Nexit Shell: How did it come so far?

A tumultuous year for Royal Dutch Shell has nearly passed. Following their loss from the lawsuit waged against them by a Dutch environmentalist group, major change is to follow for Shell. Namely, one of the largest shareholders suggested a split up of the company, leaving behind its Dutch routes to become completely English. Therefore, there was an exclusively held shareholders meeting to vote for that change last Friday, which one of our Estimator members was able to join. So what exactly are the consequences of their leave? But before we get into that, we’ll dive into the particulars of their leave?

Shell Sets Sail to the UK

So why exactly is shell leaving the Netherlands? To answer that question, we must elaborate on the current company structure. Because Shell is an English-Dutch company, they have their stocks listed on the English and Dutch stock market. A big disadvantage of the Dutch shares is their tax rates. And specifically the withholding tax rate on dividend, which is fifteen percent in the Netherlands compared to zero percent in the United Kingdom. But it is not that simple as it seems. Because for the domestic shareholders, they can subtract that tax from their income tax, which results in zero dividend tax. Foreign investors can only reclaim in rare cases the dividend tax.  

In conclusion, it only really harms the international shareholders. However, the Dutch government still wanted to lower the rate to zero, to prevent multinationals like Shell from leaving. Because of missing out on two billion euros and the minor benefits for the Dutch shareholders, they succumbed to the increased pressure of their own nation. But it is not the main reason for Unilever's and Shell’s departure. Their new share structure will be simpler and more effective for Shell and future shareholders. Shell could buy back shares more easily and takeovers don’t have to be discussed with the Dutch government anymore. 

There are also some political advantages. As seen by the noise about the removal of the dividend tax, the public opinion over the years became more negative. Combined with the fact that the earthquakes in Groningen were caused by oil distraction, Shell doesn’t have to deal with all the negative publicity as one of many oil companies in the UK.  

Shareholders meeting

The morning of 10 december began with a couple of environmental groups with around 40 people protesting  in front of Ahoy. The meeting opened with the announcement that CEO Ben van Beurden was sick and therefore not able to attend. After which the chair of the board Sir Andrew Mackenzie attended everybody and elaborated on the purpose of the meeting and further details were shared, such as only short questions related to the purpose were meant to be asked.

Already the first questioner from NN investment partners was asking such long questions that one of the audience came to the front and shouted something to Mackienzie, after which he interrupted the women from NN. Besides some expected questions like: ‘why not move to the Netherlands if you want to simplify the structure of your company?’ and ‘Was the dividend tax the only argument in the process to make theis decision?, some unrelated question also arose. Like the one from Mark van Baal from Follow This (united green shareholders of Shell) and a person from Nigeria asking about the position of the Ogoni, people from Nigeria in this process, who suffer from the damage that Shell causes in Nigeria according to him.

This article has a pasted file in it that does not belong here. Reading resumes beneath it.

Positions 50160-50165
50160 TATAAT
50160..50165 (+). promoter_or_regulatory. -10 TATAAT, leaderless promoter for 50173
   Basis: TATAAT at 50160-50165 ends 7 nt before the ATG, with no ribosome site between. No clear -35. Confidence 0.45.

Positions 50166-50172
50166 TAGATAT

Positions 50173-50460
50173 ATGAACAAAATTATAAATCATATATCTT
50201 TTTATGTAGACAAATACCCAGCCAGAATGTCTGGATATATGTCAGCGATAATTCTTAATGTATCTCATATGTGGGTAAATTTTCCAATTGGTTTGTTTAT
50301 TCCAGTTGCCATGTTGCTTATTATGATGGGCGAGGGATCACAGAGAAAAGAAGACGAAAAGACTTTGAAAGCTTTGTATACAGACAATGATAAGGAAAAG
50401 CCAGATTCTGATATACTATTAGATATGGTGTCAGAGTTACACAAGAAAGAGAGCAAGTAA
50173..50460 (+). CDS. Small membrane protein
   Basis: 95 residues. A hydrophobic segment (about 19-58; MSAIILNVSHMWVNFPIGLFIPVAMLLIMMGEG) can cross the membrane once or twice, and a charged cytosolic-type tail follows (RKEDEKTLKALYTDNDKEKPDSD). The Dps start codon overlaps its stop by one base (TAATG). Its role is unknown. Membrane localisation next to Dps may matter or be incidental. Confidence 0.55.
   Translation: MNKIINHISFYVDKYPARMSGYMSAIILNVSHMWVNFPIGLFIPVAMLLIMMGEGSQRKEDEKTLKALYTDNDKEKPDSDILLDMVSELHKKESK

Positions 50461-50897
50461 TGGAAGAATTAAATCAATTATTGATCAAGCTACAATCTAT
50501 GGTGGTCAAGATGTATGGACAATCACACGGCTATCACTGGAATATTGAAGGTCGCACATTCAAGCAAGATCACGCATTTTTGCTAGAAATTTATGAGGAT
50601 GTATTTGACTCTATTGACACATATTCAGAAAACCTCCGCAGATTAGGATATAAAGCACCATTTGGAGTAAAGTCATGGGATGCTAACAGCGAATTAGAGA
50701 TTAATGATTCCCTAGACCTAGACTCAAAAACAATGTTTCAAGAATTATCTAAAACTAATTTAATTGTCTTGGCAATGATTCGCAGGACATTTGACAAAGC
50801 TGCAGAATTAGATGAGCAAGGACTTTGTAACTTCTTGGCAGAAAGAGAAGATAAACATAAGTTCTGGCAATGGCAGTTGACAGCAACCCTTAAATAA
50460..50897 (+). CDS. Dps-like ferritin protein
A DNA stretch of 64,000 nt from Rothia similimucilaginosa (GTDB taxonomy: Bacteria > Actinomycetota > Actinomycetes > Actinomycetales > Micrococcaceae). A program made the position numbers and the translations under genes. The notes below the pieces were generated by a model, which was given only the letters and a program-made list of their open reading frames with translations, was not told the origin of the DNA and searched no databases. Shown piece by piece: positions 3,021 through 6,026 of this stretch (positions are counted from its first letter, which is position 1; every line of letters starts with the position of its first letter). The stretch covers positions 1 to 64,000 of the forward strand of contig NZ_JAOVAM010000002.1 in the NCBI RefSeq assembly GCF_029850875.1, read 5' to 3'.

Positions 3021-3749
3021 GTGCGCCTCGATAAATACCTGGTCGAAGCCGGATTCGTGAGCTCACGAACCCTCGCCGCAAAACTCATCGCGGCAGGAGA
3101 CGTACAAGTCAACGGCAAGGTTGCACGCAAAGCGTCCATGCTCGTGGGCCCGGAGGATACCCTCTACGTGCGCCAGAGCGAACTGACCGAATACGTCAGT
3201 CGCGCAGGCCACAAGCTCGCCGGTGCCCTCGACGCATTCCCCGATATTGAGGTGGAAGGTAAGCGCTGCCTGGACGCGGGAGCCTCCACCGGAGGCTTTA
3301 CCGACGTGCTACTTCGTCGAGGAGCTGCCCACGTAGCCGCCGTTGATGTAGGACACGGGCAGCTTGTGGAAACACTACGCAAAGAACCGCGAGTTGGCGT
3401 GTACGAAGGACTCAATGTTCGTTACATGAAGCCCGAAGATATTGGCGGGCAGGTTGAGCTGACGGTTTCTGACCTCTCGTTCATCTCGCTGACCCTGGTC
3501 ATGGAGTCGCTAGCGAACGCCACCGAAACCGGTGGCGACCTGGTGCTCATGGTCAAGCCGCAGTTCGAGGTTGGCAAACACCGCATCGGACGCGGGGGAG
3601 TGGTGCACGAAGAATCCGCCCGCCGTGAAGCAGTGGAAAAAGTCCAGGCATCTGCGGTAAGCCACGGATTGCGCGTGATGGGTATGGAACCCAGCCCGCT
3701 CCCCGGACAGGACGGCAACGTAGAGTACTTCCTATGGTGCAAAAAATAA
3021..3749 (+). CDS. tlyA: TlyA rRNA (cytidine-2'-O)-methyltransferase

One of the last questions played into the news of “de Telegraaf” was that the CEO of shell was already selling his home in the Netherlands prior to the vote. He asked what the proxy votes were, and thus doubting if the decision was already made actually, and indeed after all the questions the chair disclosed all the proxy votes, which were 76% of the total shares, which had voted 99% in favor of the resolution, so already before the meeting the required 75% votes in favour were casted. 

To my surprise most Dutch private and institutional investors voted in favour of the resolutions, because of nationalic sentiment but some even stated in the meeting that this decision should have been made 20 years ago. After the meeting the was no drink or anything whatsoever, something that is common after meeting like this. However, we did receive lunch with a rather giant brownie.

The Consequences

What will happen after the change? Firstly, Royal Dutch will be removed, now as a non-Dutch company. The headquarter in the Hague will move to London, including ten of Shell’s top executives like CEO Ben van Burden. In terms of employment, all employees at the Pernis refinery won’t lose their job. We can nicely conclude from Unilever’s departure that the amount of jobs don’t have to decrease. In Unilever’s case, it even increased last year.

But after losing two multinationals, the reputation of the Dutch business climate will be damaged. Because the Dutch economy depends on foreign companies, you could definitely argue that it will have an impact in the future. But of course, it is hard to estimate it precisely.

To conclude, Shell wants to change its headquarters to London to simplify it’s structure, to be as dynamic as fellow British multinationals. Also the shareholders will also be pleased to pay less dividend tax. In my first visit to a shareholders meeting, a majority of shareholders already voted in favour by proxy voting and therefore, the meeting  was just a formality. In the short term only top executives will move to London, the rest of the employees will stay but the national pride of a dutch royal company will be gone forever.

About this article

Written by:
  • André de Mots
  • Floris De Vries
| Published on: Dec 19, 2021